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BinderCon Grows Into Feminist Force

by
Sarah M. Seltzer
8.17.16

Feminism has roared to the forefront of the conversation in recent years, becoming a mainstream ideology of pop culture, business, and politics, and claiming spokespeople from Beyoncé to Sheryl Sandberg to Hillary Clinton. In the writing world this also holds true. A recent backlash against gender disparity in the literary community has led to projects like VIDA, whose annual count tallies bylines in major literary publications by gender and holds editors accountable for numbers that skew male. While some improvement can be seen—in recent years VIDA has documented several previously male-dominated magazines inching closer to byline parity—many numbers across disciplines remain stark: In 2015 a Women’s Media Center report found that women on average represented only 37 percent of bylines at major print newspapers, and a Writers Guild of America study found that only 29 percent of television writers in the 2013–2014 season were female. Another initiative on the front lines of the literary feminist movement is the biannual, bicoastal event known as BinderCon, a conference for women and gender-nonconforming writers that will hold its fifth major event in New York City from October 29 to October 30.

Launched in 2014, BinderCon cheekily references former Republican presidential candidate Mitt Romney’s infamous “binders full of women” gaffe, which came in response to a question about pay equity for women in a 2012 presidential debate. BinderCon, which alternates between New York City and Los Angeles in order to attract talent from both the publishing industry and Hollywood, combines panels, pitch sessions, keynote addresses, and networking opportunities, aiming its programming at experienced and emerging writers alike.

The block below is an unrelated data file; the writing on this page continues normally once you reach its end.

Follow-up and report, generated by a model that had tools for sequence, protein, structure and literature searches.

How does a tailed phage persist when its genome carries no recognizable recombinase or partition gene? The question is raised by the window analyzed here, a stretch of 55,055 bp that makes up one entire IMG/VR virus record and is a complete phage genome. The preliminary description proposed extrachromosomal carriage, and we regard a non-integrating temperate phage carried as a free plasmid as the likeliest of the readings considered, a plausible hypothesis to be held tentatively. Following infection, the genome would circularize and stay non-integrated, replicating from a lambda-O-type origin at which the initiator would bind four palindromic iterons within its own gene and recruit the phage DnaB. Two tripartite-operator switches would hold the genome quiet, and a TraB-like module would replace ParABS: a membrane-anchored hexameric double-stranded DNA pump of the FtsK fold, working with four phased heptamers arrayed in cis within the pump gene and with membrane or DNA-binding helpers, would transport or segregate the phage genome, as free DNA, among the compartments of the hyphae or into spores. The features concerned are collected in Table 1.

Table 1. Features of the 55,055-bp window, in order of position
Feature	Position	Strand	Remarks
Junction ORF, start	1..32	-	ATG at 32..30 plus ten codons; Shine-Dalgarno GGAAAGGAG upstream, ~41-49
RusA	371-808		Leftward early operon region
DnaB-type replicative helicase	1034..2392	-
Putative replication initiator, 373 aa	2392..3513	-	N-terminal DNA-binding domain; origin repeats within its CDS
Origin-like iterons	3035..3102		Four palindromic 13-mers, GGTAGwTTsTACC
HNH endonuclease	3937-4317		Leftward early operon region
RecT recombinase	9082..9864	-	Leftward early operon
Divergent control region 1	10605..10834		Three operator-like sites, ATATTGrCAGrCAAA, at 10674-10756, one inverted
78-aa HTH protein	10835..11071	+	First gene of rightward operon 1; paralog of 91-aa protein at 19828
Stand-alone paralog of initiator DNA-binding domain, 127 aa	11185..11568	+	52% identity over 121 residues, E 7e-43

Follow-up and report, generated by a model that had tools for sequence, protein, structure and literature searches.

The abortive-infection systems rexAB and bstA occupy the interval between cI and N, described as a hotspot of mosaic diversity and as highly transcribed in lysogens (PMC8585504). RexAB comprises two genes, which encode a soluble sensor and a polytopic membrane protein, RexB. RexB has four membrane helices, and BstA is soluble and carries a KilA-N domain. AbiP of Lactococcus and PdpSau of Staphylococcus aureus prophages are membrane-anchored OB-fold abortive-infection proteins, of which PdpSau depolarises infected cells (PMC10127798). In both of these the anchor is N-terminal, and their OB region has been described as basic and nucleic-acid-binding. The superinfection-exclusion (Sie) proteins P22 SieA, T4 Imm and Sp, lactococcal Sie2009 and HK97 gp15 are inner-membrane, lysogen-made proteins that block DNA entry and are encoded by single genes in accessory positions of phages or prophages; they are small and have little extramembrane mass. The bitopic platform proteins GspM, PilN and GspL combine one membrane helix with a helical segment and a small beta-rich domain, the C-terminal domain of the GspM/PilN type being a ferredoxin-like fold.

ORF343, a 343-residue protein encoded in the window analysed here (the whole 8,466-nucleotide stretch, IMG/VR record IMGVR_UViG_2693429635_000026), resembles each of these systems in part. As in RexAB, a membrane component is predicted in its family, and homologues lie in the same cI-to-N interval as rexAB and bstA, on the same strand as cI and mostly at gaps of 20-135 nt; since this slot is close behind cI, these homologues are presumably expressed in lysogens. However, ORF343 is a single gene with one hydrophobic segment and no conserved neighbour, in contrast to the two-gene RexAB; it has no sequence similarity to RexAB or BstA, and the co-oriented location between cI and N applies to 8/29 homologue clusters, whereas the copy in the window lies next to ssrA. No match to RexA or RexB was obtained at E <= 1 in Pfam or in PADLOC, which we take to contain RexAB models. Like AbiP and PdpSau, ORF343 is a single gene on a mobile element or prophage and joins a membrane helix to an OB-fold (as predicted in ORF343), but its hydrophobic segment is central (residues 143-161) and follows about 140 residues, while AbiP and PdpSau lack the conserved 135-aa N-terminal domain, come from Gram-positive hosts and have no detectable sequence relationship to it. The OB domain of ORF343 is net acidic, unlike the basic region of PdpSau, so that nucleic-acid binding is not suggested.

The idea for the conference began when a clandestine Facebook group of women and gender-nonconforming writers, founded by writer Anna Fitzpatrick, exploded in membership, attracting the interest of Lux Alptraum, a freelance writer specializing in sex and tech who formerly edited fleshbot.com, and Leigh Stein, a poet and author whose third book, the memoir Land of Enchantment, was released by Plume in August. The two wanted to create something similar to the online group, but out in the open and in the flesh. They cofounded the nonprofit organization Out of the Binders and launched their first conference within months of the initial idea. Since then the number of attendees has been on the rise—the last conference in New York brought in five hundred fifty attendees, and Alptraum and Stein expect more in October.

“We’ve been able to do a lot because Leigh and I are both workaholics,” Alptraum says. “But also because we have a social mission that has spoken to a lot of people.” Previous and future speakers include poets, novelists, book editors, agents, activists, investigative reporters, and editors from magazines such as the New Yorker and Rolling Stone. Speakers have included award–winning poet Claudia Rankine, writer and director Gina Prince-Bythewood, journalists Anna Holmes and Jill Abramson, and actor Lisa Kudrow. The keynote speakers for the October conference will be Elif Batuman, Porochista Khakpour, and Anna Quindlen.

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